“THIS WAS NOT A GIG, THIS WAS POLITICAL ACTION” ROBERT WYATT’S COME BACK TO THE STAGE
The left wing of the Labour party meets in Brighton to collect money for their party leader Jeremy Corbyn at a concert. Paul Weller put together a band for the night. The sensation: He can convince Robert Wyatt to return to the stage, that he is more afraid of than Seehofer about losing the absolute majority. Wyatt’s excuse for himself: “This was not a gig, this was political action.” But that proceeds abundantly tumultuous. André Boße on a contradictory event, that managed to aptly depict the left wing in its structural haplessness.
That was really deceitful from Weller. He called Robert Wyatt and asked him if didn’t want to get on stage once more. Weller knew that the hermit is afraid to get on a stage. Not just profane stage fright – the sheer idea having to play live chokes him. Therefore Wyatt declared a while ago that he would end his career as a musician. From that point on he just wanted to act as a political activist. Weller did know it and took advantage of it. Because he didn’t want to win over Wyatt for a Gig, but for a political event: “People Powered”, an evening in Brighton for Jeremy Corbyn, Leader of the Labour Party. “You will be playing and singing, but you’re basically making politics.”
Wyatt accepted. And cursed himself for it, because the anxiety was inevitable. For the fans of the musician, in compliment to whom a verb exists (“wyatting”: infuriating clueless ears with smartypants-music), the performance was a sensation: On the Friday before the fourth advent the 71 year old, who is in a wheelchair since falling from a window in 1973, was brought onto the stage of a hall in Brighton by his son. Also on stage: Paul Weller and bass player Danny Thompson. The men performed just under a dozen songs. Wyatt sang his “Blues in Bob Minor”, based on Dylans “Subterranean Homesick Blues”. At the end they played “September In the Rain”, a classic, also sung by Sinatra and Doris Day, Rod Stewart and Norah Jones. But Wyatt’s version is obviously the best: his high fragile voice, the slight lisp, this unmatched tenderness! Wyatt hardly mentioned one thing about politics while on stage. Weller didn’t say anything on the subject. “Weller, get angry”, someone from the audience demanded. “We are not here to be angry, but to make music”, he hissed back at the audience. That’s what it’s like when pop and politics are meeting nowadays: They are sharing the stage, but preferably don’t want to have to do anything with each other.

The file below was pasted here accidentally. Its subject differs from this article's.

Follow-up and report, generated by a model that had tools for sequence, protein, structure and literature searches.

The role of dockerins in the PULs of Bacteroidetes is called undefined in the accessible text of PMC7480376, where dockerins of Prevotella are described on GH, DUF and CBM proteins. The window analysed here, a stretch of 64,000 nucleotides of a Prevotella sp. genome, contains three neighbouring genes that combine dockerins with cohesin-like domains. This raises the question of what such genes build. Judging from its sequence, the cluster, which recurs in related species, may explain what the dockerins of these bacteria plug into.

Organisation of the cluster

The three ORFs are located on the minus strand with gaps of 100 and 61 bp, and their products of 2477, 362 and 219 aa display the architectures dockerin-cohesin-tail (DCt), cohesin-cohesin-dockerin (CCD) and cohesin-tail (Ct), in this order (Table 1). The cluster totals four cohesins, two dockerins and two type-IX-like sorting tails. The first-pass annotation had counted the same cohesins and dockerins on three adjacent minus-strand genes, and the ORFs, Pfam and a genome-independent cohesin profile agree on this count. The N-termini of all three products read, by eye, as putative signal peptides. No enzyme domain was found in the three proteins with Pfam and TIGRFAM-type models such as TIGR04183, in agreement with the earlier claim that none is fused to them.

Just to explain: Labour-Leader Jeremy Corbyn is terribly disliked by many of his party colleagues. He is too left wing for them, too brash. In short: Hardly anyone believes that Labour will be able to win an election with him. There have been attempted coups, but all of them failed, as the basis loves Corbyn. Because he is left wing. And brash. For the last few months young Brits are standing in line to join this party that usually is seen as hip as the German SPD. It’s kind of comparable to Bernie Sanders in the USA: The left wing youth sees in Corbyn someone who really wants to change something – not only for his own career but for the people out there. “He opens doors and thereby set a wave in motion”, Robert Wyatt says about Corbyn, when we asked him what distinguishes Corbyn. Because of the politician’s refusal to take money from donors from big industry or the finance business, Weller affiliated with an idea of “Momentum”, a movement within the party: With a series of “People Powered”-concerts money for Corbyn is supposed to be collected. The evening in Brighton is the kickoff.
Next to Wyatt and Weller the Temples and Stealing Sheep are also playing, and as finale the seemingly indestructible The Farm are singing their popular hit “All Together Now”. Shortly before the old “Madchester” warriors are entering the stage Jeremy Corbyn gives a speech. Short – but not sweet. Everyone who doesn’t know this man would think that he is a over-motivated civics teacher. Corbyn carries a few slips of paper that had been scribbled on hastily, but mostly talks freely about this and that and nothing specific. The key terms come up again and again: solidarity and fairness, change and hope. Corbyn praises Weller. Corbin praises The Farm. “All of them exceptional artists.”